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'Laila Lavan'

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A few weeks ago, Tel Aviv pulled an all-nighter.

Every summer, the municipality of Tel Aviv puts on Laila Lavan (White Night), during which the city is alive with free cultural and artistic activities. The museums stay open until the wee hours, galleries welcome visitors and offer wine and tours, the boulevards are filled with street musicians, artists and various exhibits and performances, movies are screened outside at the park and free concerts are held on the beach.

Restaurants also participate, staying open until sunrise and setting out special menus at a cheap fixed price.

Hoards of people turn out and wander the streets of Tel Aviv, eating, drinking and being very merry.

Although clearly not Europe in terms of cultural history, Tel Aviv does boast an exciting, thriving art scene. The city seems to induce creative impulses in men and women from all walks of life, and proudly nourishes a growing dance, theatrical and visual arts world.

And the art that is generated here — from paintings and performances to music and architecture — is quite liberal, daring and avant-garde. It makes sense — when you consider the diversity of cultural heritage and personal history that exists in Israel, one would only assume that such a varied tapestry would result in eclectic art.

My friends and I wandered the streets, setting out around 9 p.m. and returning home at 3 in the morning (we lost the stamina necessary to stay awake for the David Broza sunrise concert on the beach). We listened to covers of Ella Fitzgerald and Frank Sinatra, stopped to enjoy the pianist playing on Rothschild Blvd., wandered in and out of bars and restaurants, and partook in some pretty entertaining people-watching.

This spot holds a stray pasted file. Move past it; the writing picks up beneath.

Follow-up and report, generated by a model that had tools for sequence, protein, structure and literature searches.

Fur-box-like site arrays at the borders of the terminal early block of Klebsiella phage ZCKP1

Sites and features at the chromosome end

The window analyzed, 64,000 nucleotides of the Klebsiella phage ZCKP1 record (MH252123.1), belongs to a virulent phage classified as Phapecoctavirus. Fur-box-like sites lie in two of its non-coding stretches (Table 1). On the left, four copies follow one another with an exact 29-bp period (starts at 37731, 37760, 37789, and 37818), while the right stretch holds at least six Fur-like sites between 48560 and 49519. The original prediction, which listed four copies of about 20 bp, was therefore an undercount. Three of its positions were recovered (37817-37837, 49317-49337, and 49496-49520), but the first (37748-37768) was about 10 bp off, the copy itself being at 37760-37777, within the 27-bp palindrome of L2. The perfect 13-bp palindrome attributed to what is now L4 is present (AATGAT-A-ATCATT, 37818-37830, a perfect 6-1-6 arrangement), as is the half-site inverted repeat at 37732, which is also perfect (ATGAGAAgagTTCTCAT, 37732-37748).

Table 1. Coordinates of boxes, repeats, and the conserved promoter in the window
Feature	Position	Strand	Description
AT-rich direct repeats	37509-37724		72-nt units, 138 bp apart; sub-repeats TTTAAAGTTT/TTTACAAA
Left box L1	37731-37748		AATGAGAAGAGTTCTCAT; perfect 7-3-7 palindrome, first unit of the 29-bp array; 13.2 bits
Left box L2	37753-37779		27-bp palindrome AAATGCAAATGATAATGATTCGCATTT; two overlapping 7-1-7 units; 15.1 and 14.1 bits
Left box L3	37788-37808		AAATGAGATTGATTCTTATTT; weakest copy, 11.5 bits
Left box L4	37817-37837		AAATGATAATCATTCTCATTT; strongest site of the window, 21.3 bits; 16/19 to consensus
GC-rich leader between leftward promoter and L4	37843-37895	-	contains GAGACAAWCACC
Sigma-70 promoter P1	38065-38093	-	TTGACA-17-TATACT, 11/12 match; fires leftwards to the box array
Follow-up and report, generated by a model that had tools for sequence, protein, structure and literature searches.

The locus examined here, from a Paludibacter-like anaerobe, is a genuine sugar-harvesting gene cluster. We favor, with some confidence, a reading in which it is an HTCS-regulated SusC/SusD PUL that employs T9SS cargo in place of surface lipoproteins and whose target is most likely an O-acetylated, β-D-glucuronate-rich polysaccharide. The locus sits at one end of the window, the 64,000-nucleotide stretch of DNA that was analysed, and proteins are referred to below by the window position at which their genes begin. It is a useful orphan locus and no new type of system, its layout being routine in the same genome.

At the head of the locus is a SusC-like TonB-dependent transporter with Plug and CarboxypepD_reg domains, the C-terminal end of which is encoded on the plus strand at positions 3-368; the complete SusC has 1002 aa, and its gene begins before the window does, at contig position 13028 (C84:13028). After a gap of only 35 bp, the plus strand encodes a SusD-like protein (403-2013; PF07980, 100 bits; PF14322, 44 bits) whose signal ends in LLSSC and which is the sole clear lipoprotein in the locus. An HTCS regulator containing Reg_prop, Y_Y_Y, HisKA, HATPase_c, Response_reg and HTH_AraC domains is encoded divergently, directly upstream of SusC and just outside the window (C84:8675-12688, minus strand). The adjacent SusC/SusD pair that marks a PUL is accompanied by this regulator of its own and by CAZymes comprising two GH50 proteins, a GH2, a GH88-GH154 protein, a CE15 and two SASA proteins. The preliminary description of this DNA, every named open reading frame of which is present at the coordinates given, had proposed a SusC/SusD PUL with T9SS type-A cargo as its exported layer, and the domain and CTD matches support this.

The crowd was as varied as the events — teenagers, parents, families with small children, older couples and more came out for the affair.

But I have to say, as much as I enjoyed the performances themselves, I think the most special part of the evening was that, despite the fact that Tel Aviv is very much the “New York City of Israel,” I still felt like it was an intimate neighborhood affair.

I ran into old friends I hadn’t seen in a while, new friends that I had met within the previous 48 hours (and were already family because such is the nature of human relationships in Israel), and even my boss. And my boss’s boss (again, it’s Israel, relationships are just different here).

Life in Tel Aviv — although laden with a million and one things to do at any given hour of any given day of the week — is really just a small, cozy city with a huge heart. And luckily for me — as someone who lives in Israel without any family — I never feel truly alone, neither on my whitest nights nor my darkest days.

Last Updated ( Tuesday, 28 October 2008 05:58 )  

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